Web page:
I’ve learned that bonding and debt can be very complicated when it comes to local government. Much of it is based on local taxation rates as well as the assessed value of a community, with limits put on all of them from the State and local tax caps. Zionsville has one of the lowest taxation rates in the region, and our growing taxes are a good thing (what?) because they are tied to higher assessed value of properties, not higher spending by government.

Meet Your Neighbor:

With so many new faces in the Village, we are bringing back the Meet Your Neighbor interview in the Village Voice!

This month we interviewed Bret Brewer of Main Street. Bret is currently an At Large Town Council candidate. He also served on the VRA Board in the past as Vice President.

Who do you share your home with?   A wife of 25 years, 2 kids in Zionsville High School, a dog and 2 cats

Where are you from originally?  Born in Indianapolis

What is your profession?  I am a business appraiser who primarily does litigation support, which means, I value a business and then testify in court to explain how I arrived at that value.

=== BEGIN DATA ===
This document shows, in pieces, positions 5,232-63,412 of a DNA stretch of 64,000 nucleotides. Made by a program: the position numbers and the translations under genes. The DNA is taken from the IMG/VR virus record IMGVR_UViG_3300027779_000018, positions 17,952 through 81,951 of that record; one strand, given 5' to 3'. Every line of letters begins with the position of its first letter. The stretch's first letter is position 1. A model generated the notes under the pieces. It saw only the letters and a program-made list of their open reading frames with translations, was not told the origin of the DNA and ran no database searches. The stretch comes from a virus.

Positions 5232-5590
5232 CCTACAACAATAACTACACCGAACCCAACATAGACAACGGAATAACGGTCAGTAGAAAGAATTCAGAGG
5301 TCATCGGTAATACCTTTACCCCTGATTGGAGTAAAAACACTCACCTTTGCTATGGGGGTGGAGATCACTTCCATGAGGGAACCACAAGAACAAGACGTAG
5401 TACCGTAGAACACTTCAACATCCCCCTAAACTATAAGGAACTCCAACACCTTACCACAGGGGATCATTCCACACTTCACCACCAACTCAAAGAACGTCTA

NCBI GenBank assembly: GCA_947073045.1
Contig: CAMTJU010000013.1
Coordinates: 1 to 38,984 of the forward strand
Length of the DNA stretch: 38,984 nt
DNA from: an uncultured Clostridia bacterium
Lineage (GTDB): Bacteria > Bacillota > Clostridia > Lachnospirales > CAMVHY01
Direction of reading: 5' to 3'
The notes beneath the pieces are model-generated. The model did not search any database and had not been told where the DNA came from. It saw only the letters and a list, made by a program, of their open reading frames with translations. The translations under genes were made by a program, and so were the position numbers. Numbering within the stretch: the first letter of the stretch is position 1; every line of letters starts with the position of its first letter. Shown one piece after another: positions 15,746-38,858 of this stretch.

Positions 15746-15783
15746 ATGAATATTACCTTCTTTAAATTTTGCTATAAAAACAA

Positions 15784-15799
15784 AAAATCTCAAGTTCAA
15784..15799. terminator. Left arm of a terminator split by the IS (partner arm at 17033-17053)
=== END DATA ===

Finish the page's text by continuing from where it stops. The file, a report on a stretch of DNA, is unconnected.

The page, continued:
Have you made any changes to your home?  Oh my goodness yes! We have converted the full-height attic to a living space, and created a new master suite on the 2 nd  floor. Most recently, I just spent fall break , swinging a 20 pound sledge hammer to break up a 1970’s iron bathtub in order to remove it. We will be converting this room to a second-floor laundry room.

What is the best thing about Zionsville?  The people!!!

What are your interests?  My wife and kids, running, biking, kickboxing, watching the Colts, the stock market and building things for the house.

What is your favorite Village shop/restaurant ? Whichever one I am dining/shopping at at the moment

What are your favorite movies?  The Godfather, Forrest Gump, Gladiator, Indiana Jones (most of them), Die Hard, The Matrix. Red, Lethal Weapon, Dead Poet’s Society (pretty much anything Robin Williams), Braveheart, Star Wars and the Princess Bride

What is your favorite book?  The JRR Tolkien series of the Hobbit

Who would you most like to meet?  Melinda Gates

What are your plans for the future?  Depends on the election but hopefully a more transparent and fiscally responsible town

What advice do you have for other Villagers?  Do something helpful for your neighbor

Three words that describe the perfect day:  Your renovation’s complete!

In the Community:

 CV Art and Frame’s Art Exhibition:

Discover the Cat Behind the Hat , The Art of Dr. Seuss 11/22/19 – 12/8/19. town hall on September 24 th .
Opening Reception Friday, Nov. 22nd from 6pm to 9pm, Saturday, November 23rd from 2pm – 3pm Children’s story time.  

Exhibit open until Sunday, December 8th @4pm